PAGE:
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Pharmacokinetics and sedative effects of dexmedetomidine in dairy calves
- Cagnardi, P, Villa, R, Ravasio, G, Lucatello, L, Di Cesare, F, Capolongo, F, Boccardo, A, Pravettoni, D
- New Zealand veterinary journal 2017 v.65 no.1 pp. 14-18
- adverse effects, blood sampling, blood serum, body weight, castration, cell respiration, dairy calves, dehorning, dexmedetomidine, half life, heart, heart rate, liquid chromatography, mass spectrometry, models, pharmacokinetics, respiratory rate, sedation, temperature, xylazine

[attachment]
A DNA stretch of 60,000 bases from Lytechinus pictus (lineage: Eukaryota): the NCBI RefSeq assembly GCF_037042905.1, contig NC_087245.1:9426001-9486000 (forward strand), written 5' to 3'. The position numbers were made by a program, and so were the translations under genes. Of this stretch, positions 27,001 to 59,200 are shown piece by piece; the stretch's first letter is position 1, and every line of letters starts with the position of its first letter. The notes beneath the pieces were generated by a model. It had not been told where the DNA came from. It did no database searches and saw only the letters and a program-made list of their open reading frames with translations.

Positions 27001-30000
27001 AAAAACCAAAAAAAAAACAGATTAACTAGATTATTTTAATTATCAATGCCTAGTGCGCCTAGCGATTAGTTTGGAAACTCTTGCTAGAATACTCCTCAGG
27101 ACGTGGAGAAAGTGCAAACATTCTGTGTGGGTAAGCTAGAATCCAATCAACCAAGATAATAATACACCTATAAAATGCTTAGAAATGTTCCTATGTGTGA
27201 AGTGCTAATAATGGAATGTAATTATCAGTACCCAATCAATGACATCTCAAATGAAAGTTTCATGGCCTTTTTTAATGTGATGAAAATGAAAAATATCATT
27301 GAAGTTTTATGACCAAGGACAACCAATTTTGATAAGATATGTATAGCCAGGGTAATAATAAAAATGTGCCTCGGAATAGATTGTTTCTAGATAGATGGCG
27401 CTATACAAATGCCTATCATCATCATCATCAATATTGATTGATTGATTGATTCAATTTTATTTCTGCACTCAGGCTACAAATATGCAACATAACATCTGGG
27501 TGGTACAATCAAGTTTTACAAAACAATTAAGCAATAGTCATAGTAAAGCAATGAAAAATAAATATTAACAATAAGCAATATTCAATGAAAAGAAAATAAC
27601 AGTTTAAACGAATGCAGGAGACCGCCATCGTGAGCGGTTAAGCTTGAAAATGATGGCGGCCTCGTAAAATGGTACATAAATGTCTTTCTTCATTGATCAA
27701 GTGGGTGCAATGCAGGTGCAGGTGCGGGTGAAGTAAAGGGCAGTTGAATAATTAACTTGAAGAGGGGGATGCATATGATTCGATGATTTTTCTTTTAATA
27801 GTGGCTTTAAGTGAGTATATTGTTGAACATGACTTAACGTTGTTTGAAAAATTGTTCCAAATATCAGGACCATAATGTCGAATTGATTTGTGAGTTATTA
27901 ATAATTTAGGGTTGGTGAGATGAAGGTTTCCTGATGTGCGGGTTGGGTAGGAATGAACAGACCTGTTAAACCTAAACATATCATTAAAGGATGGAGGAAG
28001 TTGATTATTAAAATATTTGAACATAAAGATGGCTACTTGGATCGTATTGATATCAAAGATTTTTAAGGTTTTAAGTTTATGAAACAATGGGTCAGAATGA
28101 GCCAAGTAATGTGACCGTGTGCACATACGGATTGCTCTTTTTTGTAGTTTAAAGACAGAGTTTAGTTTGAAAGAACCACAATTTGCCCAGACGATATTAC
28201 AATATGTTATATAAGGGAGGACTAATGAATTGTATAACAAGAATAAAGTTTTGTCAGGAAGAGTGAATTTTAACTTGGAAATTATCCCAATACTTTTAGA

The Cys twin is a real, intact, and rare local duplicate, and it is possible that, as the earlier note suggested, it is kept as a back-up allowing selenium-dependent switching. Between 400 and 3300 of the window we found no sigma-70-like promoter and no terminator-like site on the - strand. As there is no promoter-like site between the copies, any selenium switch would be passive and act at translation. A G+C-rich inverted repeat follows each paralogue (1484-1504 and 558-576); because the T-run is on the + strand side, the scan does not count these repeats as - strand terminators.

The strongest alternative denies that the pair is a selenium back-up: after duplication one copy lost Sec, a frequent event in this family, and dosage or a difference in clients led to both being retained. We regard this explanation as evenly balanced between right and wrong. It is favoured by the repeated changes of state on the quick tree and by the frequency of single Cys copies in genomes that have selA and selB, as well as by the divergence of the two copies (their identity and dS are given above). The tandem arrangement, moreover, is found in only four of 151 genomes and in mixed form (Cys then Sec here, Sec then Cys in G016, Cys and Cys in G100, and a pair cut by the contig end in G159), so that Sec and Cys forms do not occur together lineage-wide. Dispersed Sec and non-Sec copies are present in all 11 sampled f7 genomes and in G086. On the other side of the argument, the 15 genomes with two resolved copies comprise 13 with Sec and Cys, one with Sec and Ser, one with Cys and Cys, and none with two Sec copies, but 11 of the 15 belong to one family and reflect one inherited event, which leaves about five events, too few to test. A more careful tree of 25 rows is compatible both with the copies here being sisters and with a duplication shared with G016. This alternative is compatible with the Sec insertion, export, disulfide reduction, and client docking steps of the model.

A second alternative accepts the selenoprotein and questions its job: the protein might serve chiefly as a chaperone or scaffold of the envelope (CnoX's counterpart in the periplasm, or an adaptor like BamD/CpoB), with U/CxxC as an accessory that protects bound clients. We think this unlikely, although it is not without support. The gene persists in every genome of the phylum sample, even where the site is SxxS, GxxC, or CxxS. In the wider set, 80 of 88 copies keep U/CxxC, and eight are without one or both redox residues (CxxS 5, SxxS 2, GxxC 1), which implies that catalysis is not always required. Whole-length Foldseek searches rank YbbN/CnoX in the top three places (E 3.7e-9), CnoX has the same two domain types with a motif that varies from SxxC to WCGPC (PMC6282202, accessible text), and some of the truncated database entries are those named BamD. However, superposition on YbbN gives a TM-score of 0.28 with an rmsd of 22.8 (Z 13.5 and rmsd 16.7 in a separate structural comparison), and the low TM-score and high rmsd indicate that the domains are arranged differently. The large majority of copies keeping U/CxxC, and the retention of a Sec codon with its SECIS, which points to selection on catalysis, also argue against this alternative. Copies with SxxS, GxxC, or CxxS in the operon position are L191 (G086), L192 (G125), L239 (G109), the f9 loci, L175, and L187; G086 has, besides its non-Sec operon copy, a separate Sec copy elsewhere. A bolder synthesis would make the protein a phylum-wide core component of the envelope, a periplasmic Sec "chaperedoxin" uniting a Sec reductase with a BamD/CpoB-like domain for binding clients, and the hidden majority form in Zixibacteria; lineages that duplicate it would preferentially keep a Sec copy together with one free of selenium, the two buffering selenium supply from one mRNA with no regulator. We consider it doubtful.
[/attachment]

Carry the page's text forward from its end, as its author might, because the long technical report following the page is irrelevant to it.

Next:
- AIMS: To evaluate the pharmacokinetics of dexmedetomidine (DEX) administered I/V at a dose of 5 µg/kg bodyweight in dairy calves and to compare the sedative effects of anaesthetic protocols involving DEX and xylazine. METHODS: Nine dairy calves, aged 17–20 days, were treated with 5 µg/kg I/V dexmedetomidine. For pharmacokinetic evaluation, blood samples were collected over 12 hours and serum samples were analysed by high performance liquid chromatography-mass spectrometry. Another nine dairy calves, aged 16–20 days, were treated with 0.2 mg/kg I/V xylazine. After both treatments, heart rate, respiratory rate and rectal temperature were measured for 20 minutes. Sedation quality and recovery times were also assessed. RESULTS: The kinetics of DEX was best described by a two-compartment model. The distribution and elimination half-lives were 8.7 (SD 5.0) and 83.5 (SD 67.5) minutes, respectively. Mean maximum concentration and body clearance were 12.5 (SD 8.6) ng/mL and 27.9 (SD 13.1) mL/minute/kg, respectively; the mean volume of distribution at steady state was 2,170.8 (SD 1,657.5) mL/kg. A decrease in heart rate was observed after treatments with both DEX and xylazine. No differences in heart or respiration rate, or rectal temperature were observed between the two treatment groups. The onset of sedation occurred after 2.7 (SD 0.67) minutes for calves treated with DEX and 2.8 (SD 0.78) minutes for calves treated with xylazine, and was characterised by a similar degree of deep sedation and ease of handling of the calves. All recoveries were eventless, and no adverse reactions were noted. CONCLUSIONS AND CLINICAL RELEVANCE: Dexmedetomidine treatment resulted in a reliable and long lasting sedation in calves, a transient decrease in heart rate and no modification in respiratory rate or rectal temperature. The results were comparable to xylazine, the most popular alpha-2-agonist among bovine practitioners. The use of DEX in dairy calves for rapid procedures such as dehorning or castration could be suggested.